More Teachers Like You (Polemic) by Francis Hahn

overworked_teacherAfter the very nice gentlemen from KOB 4 News interviewed me on Monday about the AP bonus, I had one half-joking request: just don’t make me look too foolish.

They reassured me that it was not their intention to do so. On the contrary, it was nice to have a school story that wasn’t about a teacher locking kids in a closet or duct-taping them to their desks for a change.

“Don’t worry, man,” one of them said. “We think what you did was great.”

“Yeah,” said the other. “We just wish there were more teachers like you.”

To this I replied, “there are.”

They have not been the only ones to make this sort of comment over the last week. I’m sure it is meant innocently enough, but the fact is that this a backhanded compliment.

Don’t see why? Just substitute any ethnic or religious group in place “teacher” and then you will.

Oh, it may be intended as earnest praise – after all, it is dressed to look that way.  However, the assumption that underlies it – that teachers are generally a bad bunch and it’s nice to finally meet a good one – is a slap in the face to my peers and an affront to the dignity of my profession.

The biggest reason why I turned down the bonus in the first place was the fact that I have a deep appreciation for the people with whom I work.  Just as I cannot accept compensation that they do not receive, I cannot abide praise that simultaneously denigrates my colleagues.

Such a ‘compliment’ would better suit politicians, for whom, by all accounts, the bad really do outnumber the good. (zing!)

The truth is that the good teachers are commonplace and the bad ones are rare – otherwise the media wouldn’t be so interested when teachers behave badly.  When a teacher denies her kids bathroom passes, it makes the national news; when a teacher takes her poetry team to the National Poetry Slam, it might make the back page.

Yes – there are some bad teachers out there.  Given that this country employs 3.6 million public school teachers, it is a statistical certainty that some of them are bound to be of questionable character or ability and a few will even be criminal.

But they are not the majority.  They are not even a significant minority.  They are the exceptions – blown out of proportion by a persistent media narrative of failure, abuse, and incompetence that is accepted uncritically by much of the public.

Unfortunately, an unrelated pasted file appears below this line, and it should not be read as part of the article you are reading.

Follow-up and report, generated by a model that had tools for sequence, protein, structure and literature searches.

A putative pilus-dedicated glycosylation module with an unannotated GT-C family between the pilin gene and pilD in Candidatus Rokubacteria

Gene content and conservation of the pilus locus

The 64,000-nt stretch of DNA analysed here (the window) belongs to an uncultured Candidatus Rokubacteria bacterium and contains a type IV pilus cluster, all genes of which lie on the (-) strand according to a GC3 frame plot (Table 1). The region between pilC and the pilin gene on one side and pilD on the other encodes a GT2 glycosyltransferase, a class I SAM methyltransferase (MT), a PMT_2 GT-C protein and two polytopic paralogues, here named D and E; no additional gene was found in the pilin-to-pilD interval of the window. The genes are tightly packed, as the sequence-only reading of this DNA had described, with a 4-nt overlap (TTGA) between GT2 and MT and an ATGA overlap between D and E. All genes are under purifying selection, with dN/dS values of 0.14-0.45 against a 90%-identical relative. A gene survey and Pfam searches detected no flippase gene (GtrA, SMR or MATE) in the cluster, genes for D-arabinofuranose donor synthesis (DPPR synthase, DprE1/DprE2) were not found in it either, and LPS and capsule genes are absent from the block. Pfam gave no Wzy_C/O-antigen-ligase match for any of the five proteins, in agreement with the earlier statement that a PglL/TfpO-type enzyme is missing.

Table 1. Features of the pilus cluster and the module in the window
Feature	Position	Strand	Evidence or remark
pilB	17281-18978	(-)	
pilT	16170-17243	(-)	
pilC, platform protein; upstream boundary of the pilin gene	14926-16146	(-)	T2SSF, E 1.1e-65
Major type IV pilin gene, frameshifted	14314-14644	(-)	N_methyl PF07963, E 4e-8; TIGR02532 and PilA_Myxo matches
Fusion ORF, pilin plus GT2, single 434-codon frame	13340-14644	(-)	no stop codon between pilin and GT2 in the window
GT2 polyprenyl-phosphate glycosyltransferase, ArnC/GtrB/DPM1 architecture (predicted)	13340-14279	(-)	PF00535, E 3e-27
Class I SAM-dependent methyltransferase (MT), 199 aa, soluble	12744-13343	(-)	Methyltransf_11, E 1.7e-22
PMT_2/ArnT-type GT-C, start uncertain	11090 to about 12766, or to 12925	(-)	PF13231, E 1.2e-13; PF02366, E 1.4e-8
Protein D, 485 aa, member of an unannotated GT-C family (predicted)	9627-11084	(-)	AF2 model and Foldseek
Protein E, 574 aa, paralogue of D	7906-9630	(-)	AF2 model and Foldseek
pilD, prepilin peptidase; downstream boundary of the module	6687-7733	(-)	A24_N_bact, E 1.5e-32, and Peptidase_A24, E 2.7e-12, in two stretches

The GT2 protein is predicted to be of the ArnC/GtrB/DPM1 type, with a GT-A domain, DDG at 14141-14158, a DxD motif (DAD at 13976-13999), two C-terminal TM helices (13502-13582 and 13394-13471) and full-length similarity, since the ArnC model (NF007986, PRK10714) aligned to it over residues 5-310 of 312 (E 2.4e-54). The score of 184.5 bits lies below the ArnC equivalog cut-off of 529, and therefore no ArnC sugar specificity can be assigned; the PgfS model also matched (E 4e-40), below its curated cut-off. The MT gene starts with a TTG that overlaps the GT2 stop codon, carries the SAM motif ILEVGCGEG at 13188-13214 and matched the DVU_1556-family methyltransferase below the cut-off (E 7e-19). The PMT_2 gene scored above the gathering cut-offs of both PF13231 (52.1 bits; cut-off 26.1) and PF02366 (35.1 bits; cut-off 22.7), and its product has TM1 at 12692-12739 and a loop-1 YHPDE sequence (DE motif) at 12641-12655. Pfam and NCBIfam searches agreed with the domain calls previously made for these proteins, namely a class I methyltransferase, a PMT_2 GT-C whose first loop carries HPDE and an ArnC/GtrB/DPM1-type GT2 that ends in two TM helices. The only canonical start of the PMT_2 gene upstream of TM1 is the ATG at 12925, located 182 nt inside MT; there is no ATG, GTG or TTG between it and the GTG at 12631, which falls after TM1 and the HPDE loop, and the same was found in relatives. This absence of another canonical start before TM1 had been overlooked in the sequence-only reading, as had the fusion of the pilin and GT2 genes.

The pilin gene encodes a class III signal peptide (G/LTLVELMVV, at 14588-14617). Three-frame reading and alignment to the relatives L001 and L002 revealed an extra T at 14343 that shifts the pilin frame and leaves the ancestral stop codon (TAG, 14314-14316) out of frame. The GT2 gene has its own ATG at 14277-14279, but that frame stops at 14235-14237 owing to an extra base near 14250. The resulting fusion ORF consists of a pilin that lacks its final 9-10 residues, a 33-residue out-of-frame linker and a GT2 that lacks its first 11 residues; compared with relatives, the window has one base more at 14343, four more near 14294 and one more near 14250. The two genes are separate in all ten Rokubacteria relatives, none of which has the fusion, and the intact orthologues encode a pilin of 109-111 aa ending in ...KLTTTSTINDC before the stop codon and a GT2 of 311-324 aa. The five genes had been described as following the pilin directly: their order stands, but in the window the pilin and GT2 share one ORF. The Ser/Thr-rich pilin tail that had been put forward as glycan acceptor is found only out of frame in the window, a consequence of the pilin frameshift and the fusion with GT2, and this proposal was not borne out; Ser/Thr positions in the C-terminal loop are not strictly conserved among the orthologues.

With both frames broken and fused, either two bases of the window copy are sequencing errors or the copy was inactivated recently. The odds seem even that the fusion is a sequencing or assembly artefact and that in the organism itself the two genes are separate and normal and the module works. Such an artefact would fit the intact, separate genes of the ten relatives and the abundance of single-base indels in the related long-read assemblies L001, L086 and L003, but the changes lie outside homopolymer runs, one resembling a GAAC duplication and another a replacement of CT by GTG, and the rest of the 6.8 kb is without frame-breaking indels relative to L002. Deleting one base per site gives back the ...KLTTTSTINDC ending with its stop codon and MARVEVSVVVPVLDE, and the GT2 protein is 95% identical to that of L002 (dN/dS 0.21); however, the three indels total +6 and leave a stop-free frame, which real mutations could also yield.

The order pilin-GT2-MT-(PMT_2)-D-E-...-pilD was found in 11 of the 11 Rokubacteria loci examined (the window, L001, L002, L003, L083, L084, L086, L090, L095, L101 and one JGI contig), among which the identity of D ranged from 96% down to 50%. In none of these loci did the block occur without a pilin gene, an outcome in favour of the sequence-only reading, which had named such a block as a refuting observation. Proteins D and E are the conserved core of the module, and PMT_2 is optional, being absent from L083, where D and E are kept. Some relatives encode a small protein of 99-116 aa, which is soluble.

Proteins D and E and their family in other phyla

This narrative is corrosive to the public schools.  Unthinking acceptance of this narrative on the part of voters has led to the loss of bargaining rights in Wisconsin and the persistent erosion of teachers’ professional rights across the nation – most recently with the decision by a Superior Court Judge in California to eliminate tenure for public school teachers because tenure protects all those terrible teachers.

If these trends continue, the highly-educated, professional, caring human beings who currently staff our public schools will eventually decide that they can no longer work for a public that belittles them.

In this way the narrative of failure will become a self-fulfilling prophesy.

As I look around my workplace, I see people who arrive early and leave late, often taking work home when they go.  I see people who coach and tutor in their off-time.  I see teachers who volunteer with the fire department and custodians who come in early on snow delays to get the sidewalks cleared.  I see men and women who are the last line of defense for the bullied and the guardians of academic policies that see students as human beings rather than as test scores.  I see a building full of competent, professional, inspiring human beings.

They should be more like me? I am the teacher that I am because I have endeavored to be more like them.

They are my friends and my mentors, and I am honored to count myself among their ranks.

Author bio: 

Francis Hahn is a graduate of Taos High School in Taos, New Mexico, where he now teaches English and Poetry.


One Response to More Teachers Like You (Polemic) by Francis Hahn

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